Rimessa Roscioli, part of the same group, offers a unique wine & food experience in the heart of Rome, including wine tastings, cooking classes and food tours. The restaurant is open every day for dinner and on Saturday/Sunday for lunch as well.
While pizza will always be a key highlight in Italy, the uniquely thin and crispy Roman definitely holds a special place in my heart. For authentic Roman style pizza I recommend Pizzeria Emma, one of the few restaurants that serves quality pizzas at both lunch and dinnertime. At Emma, the pizza dough is fermented for forty-eight hours, stretched by hand into a flat disk, then rolled to ensure a thin, crisp final product. The pizza’s thin interior is then covered in a thin layer of tomato and cheese and studded with bits of cured anchovies for a deliciously salty and flavoursome result.
La Montecarlo, Pizzeria Remo in Testaccio, L’Elementare – Trastevere and the stunningly simple Da Baffetto all deserve honorary mentions for Roman style pizza! But wait there’s more. You can also find amazing pizza in Rome at La Gatta Mangiona in Monteverde neighbourhood, 180g Pizzeria Romana, Sbanco and the rustic Sforno.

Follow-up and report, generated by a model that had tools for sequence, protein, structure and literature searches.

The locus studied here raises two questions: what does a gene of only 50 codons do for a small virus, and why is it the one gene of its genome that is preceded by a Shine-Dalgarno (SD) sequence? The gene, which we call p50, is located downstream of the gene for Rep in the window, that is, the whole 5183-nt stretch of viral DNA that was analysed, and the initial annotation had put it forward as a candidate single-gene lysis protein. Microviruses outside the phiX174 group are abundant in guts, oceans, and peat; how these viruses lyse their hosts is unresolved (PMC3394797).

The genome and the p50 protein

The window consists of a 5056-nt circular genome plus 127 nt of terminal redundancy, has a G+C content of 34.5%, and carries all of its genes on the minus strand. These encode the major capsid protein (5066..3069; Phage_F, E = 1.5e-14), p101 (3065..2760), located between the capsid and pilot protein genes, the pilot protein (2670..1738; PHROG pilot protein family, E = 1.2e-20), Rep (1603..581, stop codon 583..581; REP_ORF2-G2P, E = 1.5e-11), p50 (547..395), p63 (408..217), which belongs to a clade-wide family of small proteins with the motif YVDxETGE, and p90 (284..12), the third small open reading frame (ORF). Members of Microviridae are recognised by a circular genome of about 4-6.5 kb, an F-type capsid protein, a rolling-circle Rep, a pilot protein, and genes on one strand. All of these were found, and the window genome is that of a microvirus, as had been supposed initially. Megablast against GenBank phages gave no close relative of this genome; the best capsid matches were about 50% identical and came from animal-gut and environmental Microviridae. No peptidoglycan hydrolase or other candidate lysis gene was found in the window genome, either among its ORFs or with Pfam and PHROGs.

Finally, another great pizzeria that I try to go to every time I’m in Rome is Seu Pizza Illuminati. The award-winning pizzaiolo Pier Daniele Seu is considered one of the masters in Italy. Its style of pizza aims to merge the Neapolitan and Roman dough styles. The toppings are original and out-of-this-world delicious. Make sure to order the classic supplì and fried courgette blossom (fiore di zucca fritto) as a starter.
Pizza al taglio
If you’re pressed for time, don’t worry – Roman food options still have you covered. For the best takeaway pizza in Rome, try Bonci Pizzarium. The original shop is right by the Vatican, but they also have a stand at Mercato Centrale food hall. Their pizza is cooked in giant trays, before being cut into squares (hence the name “pizza al taglio”) and sold by weight, in true Roman style.
Other options include La Renella Forno Antico Trastevere, Antico Forno Serpenti in Monti neighbourhood, or the famous Antico Forno Roscioli. Here, as well as pizza by the slice, you can order delicious supplì bread, biscuits and seasonal cakes such as Panettone or Colomba!
For the most delicious pizza with original toppings (grilled peach and lard or courgette blossoms with burrata and anchovies just to name a few), I highly recommend Casa Manco in Testaccio Market or in Trastevere. I discovered them while on a food tour of Testaccio neighbourhood led by Devour Rome, which is a fantastic way to learn more about Roman cuisine.